One thing producers can learn from politicians.

With all the chatter about the upcoming presidential election, you’d think it was tomorrow, not a year from now.  I’m sure I’ll write quite few blogs over the next twelve months about how running a political campaign is like running a Broadway show, but I had one simple observation that couldn’t wait another day.

Have you ever noticed how politicians ignore certain states while they hit the campaign trail?  Maybe your favorite democrat doesn’t take as many trips to Texas, or your favorite Republican ignores Oregon.


Well, history has shown that in both those cases, they are most likely going to come up empty on election day.

What does that have to do with what we do?

Well, as a producer/marketer, you’ve got to think of the electorate like your audience.  One of the smartest things you can do is realize that what you’re selling is not for everyone.  It’s not.  Face that fact, then focus on the people that it is right for, and especially those “swing voters” that are on the fence about buying a ticket or not.

For example, I’ve seen Producers of traditional shows talk about how they wanted to spend time and money getting the college audience to see their shows.  That’s like Michelle Bachman having a rally in The Castro in San Fran.  It ain’t going to happen.  And if it does, it ain’t going to be pretty.

Those politicians that skip those states aren’t being lazy (in those instances).  They’re being strategic.

So as scary as it sounds, if you want to be the most efficient Producer possible, you’ve got to act like a politician.

(Just promise me you won’t act like this).


(Got a comment?  I love ’em, so comment below!  Email subscribers, click here, then scroll down, to say what’s on your mind!)



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  • Clair Sedore says:

    Send President Obama to Canada, Canadians think very highly of him. In exchange you can have our prime minister, Stephen Harper, along with Toronto’s mayor Ford. Two for the price of one, not bad, and no exchanges or returns.

  • If you want to get a college audience to see your shows, take debit and credit cards at concessions! That’s how they expect to pay for things.
    Last weekend, I saw a bloody, slasher take on “The Revenger’s Tragedy.” The college-age people in the audience LOVED the blood spurting all over. FWIW.

  • Bryan David says:

    Dear Mr. Davenport, et al:
    What I learned about Politicians came from a musical:
    “Best Lil’ Whorehouse In Texas” ‘Doin’ A Little Sidestep’
    What I learned about people is things do not change, regardless of the decade or millennium we are in.
    “Whitechapel” ©
    The Life & Times
    ‘Jack The Ripper’
    A Musical Love Story! ™
    What I learned about faith came from a musical too:
    Ken Davenports Presents:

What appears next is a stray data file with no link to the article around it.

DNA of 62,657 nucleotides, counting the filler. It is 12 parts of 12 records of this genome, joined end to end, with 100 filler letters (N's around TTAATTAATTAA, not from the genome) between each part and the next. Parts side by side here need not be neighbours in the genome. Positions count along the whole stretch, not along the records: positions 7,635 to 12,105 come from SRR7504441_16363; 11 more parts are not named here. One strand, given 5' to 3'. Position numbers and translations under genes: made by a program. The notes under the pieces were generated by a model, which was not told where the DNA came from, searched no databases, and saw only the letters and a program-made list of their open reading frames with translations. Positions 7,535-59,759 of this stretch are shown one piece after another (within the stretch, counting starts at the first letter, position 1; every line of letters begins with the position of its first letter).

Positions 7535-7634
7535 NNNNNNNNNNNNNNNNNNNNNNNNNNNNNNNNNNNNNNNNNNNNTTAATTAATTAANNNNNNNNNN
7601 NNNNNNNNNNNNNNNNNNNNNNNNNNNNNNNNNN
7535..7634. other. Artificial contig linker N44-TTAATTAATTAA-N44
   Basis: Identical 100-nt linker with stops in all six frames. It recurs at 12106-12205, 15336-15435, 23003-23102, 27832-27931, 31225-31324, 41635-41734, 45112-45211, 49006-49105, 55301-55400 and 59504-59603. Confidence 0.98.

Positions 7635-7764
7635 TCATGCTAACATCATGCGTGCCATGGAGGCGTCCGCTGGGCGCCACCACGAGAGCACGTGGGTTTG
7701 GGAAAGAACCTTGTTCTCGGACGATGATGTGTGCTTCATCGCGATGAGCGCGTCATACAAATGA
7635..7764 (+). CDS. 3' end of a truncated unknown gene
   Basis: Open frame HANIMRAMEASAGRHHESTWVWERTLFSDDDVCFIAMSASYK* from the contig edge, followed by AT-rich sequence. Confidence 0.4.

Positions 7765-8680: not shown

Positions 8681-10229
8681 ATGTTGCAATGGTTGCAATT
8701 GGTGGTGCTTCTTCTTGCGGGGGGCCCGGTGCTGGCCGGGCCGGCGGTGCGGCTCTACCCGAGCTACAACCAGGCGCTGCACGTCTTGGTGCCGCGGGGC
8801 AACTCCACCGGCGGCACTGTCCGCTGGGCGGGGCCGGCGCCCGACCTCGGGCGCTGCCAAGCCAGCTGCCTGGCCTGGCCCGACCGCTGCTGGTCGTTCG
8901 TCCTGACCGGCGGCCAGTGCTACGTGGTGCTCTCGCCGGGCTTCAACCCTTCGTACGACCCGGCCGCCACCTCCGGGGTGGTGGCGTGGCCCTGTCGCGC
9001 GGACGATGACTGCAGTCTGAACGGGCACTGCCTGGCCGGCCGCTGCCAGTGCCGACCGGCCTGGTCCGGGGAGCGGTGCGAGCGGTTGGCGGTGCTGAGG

• Margie says:

    So where’s the foreplay in GODSPELL, Ken? Unless you added it later, the preview I went to had no pre-video or audio or musicians or cast members walking around or ushers dressed differently (unless I’m forgetting) — none of the really fun cool stuff you just mentioned in your blog.
    Here’s an idea for some editorial: an interview of GODSPELL statistics: how many necklaces of beads do you toss to the audience nightly; how many pounds of graffiti do the actors gun out and how much comes down from the ceiling; how many cubic whatevers of water is there on that stage? I’d also like to see an interview with the head of Circle’s clean-up crew. How much “stuff” (confetti) do they sweep up? And is it recycled or tossed out?

  • joe giglio says:

    in olden days that was what the function of an overture.
    It seems we have gotten away from that in “modern” times.

  • Michael L. says:

    Oh, yes — I completely agree with your creative foreplay thoughts, Ken. For me as a director, the question is always: how can I make this show an “event”?

  • While it’s true that some shows aren’t relevant to certain segments, I think that we should continue to develop audiences. We have to encourage untraditional audiences to attend live theater so that there are audiences in 30 years. Bring in ‘Da Noise, Bring in ‘Da Funk was 96% sold in its first year on Broadway due to intense audience development efforts. The touring production was also extremely successful due to expansive promotional activities. Many other productions have successfully developed untraditional audiences. While it might not make the most financial sense, I think that marketers have a certain responsibility to reach out to these segments.

  • Reese Brashears

    I appreciate you sharing this article.Really thank you! Keep writing.

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